Careers in Ichthyology
Dr. Franklin F. Snelson, Jr. - Professor and Project Manager
- How did you become interested in ichthyology?
"As a child and teenager, I was involved in fishing, hunting, and other outdoor activities. My first interest in
college was in wildlife biology, but a part-time job at the state museum in North Carolina sparked my interest in fish.
I was asked to participate in a stream survey and identify and catalog all of the fishes we caught. After that, I was hooked."
- What training and education do you have?
"I have a BS degree in Zoology from NC State University and a PhD from Cornell, with a specialization in ichthyology and
- What personal qualities are important in this field?
"A love of water and fish, fascination with nature, natural curiosity and inquisitiveness, self motivation, a good work ethic,
and a good sense of humor."
- Describe your work and research:
"I am a university professor and research scientist. I teach undergraduate and graduate-level classes in ichthyology,
anatomy, and evolution. I advise and direct the research of graduate students. I participate in the research of my students
and conduct my own research dealing with fish ecology and evolution. My main interest at present has to do with studying
sharks and rays. I spend time in the field studying behavior and reproduction, and I spend time in the lab analyzing samples
and data. A significant amount of time is spent writing scientific papers, reports, and grant proposals to fund research
- What skills do you use on the job?
"The most important skills I use are statistics for data analysis, computer skills for recording, analyzing, and presenting
data, and written and verbal skills for effective communication. I can't over-emphasize the importance of good speaking and
writing skills to a career in science."
- What interesting discoveries have you made in your studies?
"I have discovered and named new species of fish and my students and I have discovered and described
new ways that stingrays reproduce."
- What is your typical work schedule?
"I do not have a set schedule. While teaching, my class schedule dictates when I am on campus. I teach some classes during
the day, others in the evening."
"Research studies in the field often require that I be out on the water for a week or more at a time, often working both day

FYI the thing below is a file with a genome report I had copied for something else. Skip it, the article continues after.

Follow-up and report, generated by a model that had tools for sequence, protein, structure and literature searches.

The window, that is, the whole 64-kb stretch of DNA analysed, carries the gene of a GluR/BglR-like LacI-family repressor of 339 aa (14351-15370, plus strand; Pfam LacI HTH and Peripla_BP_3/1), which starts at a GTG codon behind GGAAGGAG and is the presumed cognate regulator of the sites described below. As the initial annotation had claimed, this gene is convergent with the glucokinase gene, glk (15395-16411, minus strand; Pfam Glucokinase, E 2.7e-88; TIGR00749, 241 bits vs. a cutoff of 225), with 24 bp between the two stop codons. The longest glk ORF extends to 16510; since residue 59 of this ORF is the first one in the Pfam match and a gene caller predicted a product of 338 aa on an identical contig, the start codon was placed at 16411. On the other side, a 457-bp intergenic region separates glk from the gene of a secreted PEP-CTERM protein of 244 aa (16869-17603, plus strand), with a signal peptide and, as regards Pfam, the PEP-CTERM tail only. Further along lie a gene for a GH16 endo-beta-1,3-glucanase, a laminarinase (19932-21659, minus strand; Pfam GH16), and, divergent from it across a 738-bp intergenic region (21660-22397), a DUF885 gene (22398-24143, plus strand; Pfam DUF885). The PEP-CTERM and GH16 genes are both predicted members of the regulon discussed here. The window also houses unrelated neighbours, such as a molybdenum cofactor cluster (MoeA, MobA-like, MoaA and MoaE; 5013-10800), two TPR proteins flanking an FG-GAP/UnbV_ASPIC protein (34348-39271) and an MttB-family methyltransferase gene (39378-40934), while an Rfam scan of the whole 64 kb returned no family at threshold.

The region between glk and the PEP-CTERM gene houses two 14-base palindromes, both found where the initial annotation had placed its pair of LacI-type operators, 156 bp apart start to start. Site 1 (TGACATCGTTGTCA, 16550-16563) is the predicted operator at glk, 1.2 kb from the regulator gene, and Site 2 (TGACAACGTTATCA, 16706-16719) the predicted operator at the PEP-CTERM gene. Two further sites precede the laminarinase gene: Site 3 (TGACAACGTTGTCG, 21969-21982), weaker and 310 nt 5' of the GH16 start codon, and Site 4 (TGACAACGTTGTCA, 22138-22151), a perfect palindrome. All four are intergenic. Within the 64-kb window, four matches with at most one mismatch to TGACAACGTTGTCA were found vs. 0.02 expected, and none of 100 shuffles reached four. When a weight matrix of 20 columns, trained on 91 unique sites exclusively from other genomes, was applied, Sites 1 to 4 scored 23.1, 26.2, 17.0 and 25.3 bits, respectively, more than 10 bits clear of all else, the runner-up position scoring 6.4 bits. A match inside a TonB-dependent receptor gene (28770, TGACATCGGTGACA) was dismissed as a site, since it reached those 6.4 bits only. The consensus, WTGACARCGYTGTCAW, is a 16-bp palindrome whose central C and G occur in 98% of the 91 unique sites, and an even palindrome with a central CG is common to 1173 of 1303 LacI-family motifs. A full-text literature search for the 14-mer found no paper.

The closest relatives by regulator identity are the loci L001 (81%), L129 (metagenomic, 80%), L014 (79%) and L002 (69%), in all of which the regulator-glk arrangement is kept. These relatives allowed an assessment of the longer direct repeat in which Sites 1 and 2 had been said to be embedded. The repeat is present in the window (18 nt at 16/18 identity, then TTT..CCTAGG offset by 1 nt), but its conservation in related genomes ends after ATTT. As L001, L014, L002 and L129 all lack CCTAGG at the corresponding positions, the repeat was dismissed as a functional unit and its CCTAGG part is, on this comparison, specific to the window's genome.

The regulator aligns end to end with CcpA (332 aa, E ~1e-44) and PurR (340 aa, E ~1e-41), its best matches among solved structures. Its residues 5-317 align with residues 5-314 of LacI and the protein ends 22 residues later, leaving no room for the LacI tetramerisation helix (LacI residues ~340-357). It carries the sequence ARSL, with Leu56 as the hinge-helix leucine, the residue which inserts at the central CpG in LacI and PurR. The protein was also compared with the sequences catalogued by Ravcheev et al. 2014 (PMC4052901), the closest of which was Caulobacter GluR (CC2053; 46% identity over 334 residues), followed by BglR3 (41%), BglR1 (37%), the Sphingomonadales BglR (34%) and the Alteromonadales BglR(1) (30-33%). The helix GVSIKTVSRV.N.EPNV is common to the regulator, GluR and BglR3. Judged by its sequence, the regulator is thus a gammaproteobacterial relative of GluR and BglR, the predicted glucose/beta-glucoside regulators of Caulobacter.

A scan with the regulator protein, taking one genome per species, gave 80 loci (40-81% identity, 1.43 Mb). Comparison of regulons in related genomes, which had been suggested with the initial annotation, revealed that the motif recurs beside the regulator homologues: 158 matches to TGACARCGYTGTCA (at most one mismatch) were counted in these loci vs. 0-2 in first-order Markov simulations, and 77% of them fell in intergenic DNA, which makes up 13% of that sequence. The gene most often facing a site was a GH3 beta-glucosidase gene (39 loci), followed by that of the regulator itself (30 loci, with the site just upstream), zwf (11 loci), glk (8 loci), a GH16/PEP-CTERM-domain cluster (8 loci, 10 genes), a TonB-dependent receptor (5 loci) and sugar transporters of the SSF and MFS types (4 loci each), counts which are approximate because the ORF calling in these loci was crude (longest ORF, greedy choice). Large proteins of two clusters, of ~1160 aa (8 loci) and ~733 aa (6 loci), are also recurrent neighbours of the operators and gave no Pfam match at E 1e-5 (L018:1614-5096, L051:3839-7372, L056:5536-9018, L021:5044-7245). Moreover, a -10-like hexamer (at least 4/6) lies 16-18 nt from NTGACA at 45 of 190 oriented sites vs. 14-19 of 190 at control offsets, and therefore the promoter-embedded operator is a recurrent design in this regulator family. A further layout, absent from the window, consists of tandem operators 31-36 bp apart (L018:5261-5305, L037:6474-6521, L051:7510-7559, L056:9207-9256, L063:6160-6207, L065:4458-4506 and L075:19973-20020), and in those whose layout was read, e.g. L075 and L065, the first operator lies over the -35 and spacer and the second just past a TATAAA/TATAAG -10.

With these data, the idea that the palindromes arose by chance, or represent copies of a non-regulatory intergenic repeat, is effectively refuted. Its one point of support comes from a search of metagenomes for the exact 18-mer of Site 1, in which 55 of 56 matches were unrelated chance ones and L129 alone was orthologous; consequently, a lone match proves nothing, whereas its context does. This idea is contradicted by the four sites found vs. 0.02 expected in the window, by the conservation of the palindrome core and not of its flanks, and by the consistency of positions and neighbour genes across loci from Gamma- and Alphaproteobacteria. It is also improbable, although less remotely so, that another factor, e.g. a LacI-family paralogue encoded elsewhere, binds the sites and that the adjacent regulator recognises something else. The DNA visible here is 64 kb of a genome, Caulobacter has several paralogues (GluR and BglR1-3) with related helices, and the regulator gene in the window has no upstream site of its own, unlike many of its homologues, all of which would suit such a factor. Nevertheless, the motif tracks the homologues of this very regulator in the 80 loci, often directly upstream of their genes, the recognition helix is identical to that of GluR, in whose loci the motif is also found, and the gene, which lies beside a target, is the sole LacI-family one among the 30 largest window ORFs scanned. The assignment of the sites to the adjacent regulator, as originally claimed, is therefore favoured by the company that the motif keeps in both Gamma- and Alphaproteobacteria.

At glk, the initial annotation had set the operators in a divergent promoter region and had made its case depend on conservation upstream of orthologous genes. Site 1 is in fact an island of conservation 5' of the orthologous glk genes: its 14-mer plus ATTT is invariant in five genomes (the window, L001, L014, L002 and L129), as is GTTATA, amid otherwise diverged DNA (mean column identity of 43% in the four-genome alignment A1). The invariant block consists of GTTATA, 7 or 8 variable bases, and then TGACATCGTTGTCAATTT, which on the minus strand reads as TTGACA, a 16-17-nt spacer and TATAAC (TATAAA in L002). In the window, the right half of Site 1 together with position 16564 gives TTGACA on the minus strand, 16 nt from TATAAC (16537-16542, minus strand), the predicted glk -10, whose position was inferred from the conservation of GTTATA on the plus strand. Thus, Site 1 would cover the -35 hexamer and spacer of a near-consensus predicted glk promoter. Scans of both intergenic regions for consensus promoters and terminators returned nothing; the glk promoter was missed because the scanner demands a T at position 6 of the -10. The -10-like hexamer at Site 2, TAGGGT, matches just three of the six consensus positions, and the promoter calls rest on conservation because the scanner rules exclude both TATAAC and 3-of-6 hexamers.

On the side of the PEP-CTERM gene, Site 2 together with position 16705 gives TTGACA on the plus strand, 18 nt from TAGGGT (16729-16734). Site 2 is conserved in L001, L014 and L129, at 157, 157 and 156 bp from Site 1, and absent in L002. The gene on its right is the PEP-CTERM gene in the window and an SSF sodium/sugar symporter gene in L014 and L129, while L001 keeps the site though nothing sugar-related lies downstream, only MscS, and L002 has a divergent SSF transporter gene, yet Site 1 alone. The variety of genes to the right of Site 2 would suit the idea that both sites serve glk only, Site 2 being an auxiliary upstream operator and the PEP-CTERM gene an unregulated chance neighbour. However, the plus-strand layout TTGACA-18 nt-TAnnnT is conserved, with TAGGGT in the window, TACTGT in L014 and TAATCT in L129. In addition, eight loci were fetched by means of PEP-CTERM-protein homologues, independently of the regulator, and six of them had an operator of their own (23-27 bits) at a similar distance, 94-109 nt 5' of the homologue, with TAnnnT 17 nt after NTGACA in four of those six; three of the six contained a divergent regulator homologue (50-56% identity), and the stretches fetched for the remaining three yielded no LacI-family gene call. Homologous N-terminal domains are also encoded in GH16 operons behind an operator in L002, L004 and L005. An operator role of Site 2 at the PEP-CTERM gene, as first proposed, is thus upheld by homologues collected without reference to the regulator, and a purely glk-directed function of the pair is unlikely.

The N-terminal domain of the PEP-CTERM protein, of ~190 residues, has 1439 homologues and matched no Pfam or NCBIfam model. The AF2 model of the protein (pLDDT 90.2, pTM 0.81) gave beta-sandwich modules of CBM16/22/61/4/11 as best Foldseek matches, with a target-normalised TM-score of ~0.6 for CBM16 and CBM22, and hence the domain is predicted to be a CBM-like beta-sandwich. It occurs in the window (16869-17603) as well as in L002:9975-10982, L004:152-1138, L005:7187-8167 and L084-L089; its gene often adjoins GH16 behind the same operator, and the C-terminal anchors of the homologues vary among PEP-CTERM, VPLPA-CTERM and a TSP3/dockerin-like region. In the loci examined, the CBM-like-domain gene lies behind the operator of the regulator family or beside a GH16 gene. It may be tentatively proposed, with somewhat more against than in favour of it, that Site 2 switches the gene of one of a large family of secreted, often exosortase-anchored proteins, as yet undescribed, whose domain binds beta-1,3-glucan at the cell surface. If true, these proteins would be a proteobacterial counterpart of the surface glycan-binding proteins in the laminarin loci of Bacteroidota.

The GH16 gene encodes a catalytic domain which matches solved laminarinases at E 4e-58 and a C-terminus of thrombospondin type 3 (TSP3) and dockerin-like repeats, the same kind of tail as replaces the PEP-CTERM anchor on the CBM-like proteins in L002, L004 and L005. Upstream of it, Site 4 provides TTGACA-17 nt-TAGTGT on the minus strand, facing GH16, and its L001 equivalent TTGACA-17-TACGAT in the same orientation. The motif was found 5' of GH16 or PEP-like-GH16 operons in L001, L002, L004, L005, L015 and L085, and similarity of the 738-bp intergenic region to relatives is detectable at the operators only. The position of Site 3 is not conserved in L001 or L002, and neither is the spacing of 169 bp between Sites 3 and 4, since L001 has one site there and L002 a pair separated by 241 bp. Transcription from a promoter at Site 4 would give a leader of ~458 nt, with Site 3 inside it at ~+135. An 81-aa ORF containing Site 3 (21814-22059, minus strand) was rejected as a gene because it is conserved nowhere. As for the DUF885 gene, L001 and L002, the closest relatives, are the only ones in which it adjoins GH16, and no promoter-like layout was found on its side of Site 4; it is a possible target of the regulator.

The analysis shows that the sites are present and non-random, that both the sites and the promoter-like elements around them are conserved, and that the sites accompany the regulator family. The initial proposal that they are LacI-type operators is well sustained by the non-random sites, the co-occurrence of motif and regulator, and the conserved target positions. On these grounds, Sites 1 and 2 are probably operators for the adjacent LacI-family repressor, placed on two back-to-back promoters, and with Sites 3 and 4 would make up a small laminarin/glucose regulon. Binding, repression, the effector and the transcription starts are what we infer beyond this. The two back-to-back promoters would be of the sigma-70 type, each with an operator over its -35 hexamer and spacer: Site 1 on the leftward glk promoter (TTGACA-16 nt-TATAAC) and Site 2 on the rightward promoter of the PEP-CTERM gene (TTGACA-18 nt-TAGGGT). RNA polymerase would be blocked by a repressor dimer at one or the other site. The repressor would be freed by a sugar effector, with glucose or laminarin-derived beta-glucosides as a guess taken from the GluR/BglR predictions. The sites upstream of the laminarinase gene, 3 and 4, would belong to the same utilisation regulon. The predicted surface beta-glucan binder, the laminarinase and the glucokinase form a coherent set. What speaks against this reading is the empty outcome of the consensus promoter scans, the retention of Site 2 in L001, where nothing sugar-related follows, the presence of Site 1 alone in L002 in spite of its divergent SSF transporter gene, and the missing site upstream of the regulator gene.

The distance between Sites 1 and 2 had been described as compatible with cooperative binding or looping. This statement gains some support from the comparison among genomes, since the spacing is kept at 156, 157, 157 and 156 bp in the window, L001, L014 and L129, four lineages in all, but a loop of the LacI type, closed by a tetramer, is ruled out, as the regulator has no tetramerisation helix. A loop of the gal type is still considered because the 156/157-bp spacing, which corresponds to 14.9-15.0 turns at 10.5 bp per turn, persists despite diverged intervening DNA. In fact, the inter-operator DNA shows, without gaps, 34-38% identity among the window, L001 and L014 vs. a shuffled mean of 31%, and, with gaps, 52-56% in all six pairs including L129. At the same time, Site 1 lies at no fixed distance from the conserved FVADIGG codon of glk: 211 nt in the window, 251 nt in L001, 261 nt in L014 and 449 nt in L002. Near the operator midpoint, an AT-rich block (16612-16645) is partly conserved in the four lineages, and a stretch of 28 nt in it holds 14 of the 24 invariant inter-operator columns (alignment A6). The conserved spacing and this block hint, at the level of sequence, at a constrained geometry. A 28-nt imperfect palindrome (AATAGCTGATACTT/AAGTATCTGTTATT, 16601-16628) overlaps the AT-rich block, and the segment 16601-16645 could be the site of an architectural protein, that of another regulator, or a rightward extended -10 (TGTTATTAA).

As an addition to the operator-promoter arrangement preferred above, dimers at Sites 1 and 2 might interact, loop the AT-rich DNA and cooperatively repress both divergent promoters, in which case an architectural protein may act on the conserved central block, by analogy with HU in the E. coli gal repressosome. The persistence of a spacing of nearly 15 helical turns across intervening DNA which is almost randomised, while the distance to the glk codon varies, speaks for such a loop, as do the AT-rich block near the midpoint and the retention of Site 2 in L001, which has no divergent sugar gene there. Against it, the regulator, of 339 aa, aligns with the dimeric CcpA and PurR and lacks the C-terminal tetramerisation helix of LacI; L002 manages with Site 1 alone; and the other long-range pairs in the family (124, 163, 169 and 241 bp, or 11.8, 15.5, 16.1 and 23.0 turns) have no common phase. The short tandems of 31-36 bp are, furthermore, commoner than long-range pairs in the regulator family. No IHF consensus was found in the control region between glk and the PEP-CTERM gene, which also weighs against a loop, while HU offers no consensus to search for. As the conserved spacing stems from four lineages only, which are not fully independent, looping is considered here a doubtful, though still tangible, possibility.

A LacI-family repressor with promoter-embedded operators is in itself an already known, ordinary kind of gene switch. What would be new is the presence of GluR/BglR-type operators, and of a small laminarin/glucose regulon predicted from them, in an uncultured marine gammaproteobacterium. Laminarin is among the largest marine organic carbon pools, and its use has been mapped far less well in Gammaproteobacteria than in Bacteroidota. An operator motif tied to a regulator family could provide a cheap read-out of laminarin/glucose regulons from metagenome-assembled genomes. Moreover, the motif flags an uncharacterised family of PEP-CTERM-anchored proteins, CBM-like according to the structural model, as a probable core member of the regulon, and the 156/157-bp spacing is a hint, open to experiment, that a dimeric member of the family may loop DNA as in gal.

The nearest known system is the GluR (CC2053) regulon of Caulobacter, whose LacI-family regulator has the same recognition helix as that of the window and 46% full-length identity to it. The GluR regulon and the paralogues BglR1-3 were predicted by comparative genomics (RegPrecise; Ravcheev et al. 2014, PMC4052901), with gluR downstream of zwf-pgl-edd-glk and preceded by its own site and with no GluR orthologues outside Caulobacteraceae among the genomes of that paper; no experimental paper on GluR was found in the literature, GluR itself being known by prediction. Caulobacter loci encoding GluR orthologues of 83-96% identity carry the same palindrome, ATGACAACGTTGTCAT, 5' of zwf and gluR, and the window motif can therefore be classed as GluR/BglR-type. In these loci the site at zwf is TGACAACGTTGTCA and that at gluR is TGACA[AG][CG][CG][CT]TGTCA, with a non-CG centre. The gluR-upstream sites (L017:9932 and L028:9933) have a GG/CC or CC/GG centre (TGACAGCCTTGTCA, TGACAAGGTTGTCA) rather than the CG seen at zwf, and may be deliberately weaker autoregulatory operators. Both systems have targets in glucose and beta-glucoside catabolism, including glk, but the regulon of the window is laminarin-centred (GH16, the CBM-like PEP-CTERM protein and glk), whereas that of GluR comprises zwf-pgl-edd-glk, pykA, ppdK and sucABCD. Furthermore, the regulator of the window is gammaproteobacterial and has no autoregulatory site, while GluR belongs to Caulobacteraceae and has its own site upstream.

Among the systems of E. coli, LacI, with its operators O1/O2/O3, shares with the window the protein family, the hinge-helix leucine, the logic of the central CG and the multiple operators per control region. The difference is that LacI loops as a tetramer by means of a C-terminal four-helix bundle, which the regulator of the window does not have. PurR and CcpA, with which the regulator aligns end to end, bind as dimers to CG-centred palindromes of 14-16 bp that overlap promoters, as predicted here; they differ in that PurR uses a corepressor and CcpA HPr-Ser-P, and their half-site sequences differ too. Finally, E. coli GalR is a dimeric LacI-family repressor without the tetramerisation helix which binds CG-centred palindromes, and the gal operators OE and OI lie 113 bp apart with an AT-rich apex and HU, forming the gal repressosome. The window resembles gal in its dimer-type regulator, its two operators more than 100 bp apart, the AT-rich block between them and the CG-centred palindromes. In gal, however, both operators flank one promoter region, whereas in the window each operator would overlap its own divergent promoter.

and night and on weekends. When I'm working in the laboratory, I usually work a typical 8-5, M-F schedule, but I often work
at home when I need to concentrate on reading or writing.
- What do you like best about your job?
"The pleasure of being around and working with intelligent, motivated people who are interested in the same topics as
I am. I like the adventure and excitement of doing new things in the field, for example capturing sharks and going down
in research submarines. I also enjoy going new and exotic places to study fish. I also enjoy the flexible hours and the
fact that in many respects, I am my own boss. It is also very rewarding to work with and mentor dedicated students."
- Does this profession require any travel?
"Travel is required, but the amount and duration of travel is very variable. Some travel is related to field research and
sampling, some is related to going to meetings and conferences to present the results of studies and learn what others in the
field are doing."
- What is the general salary range for someone in your position?
"$50,000 to $70,000/year"
- How long have you been an ichthyologist?
- Is it difficult to find a job in ichthyology?
"It is not easy. You have to have strong credentials and be clearly better qualified than others to land a good
job in the field."
- Have you ever considered a career in a different field?
"I considered being a rock & roll star, but I can't play guitar or sing that well. Other than that,
I can't imagine doing anything I would like more."
- Do you ever go fishing in your free time?
"I love to go fishing but I don't seem to have much free time any more. However, I expect to do some serious fishing
when I retire. By the way, being a good ichthyologist does not necessarily make you a good angler!"
My motto to live by: "Try to learn something new every day."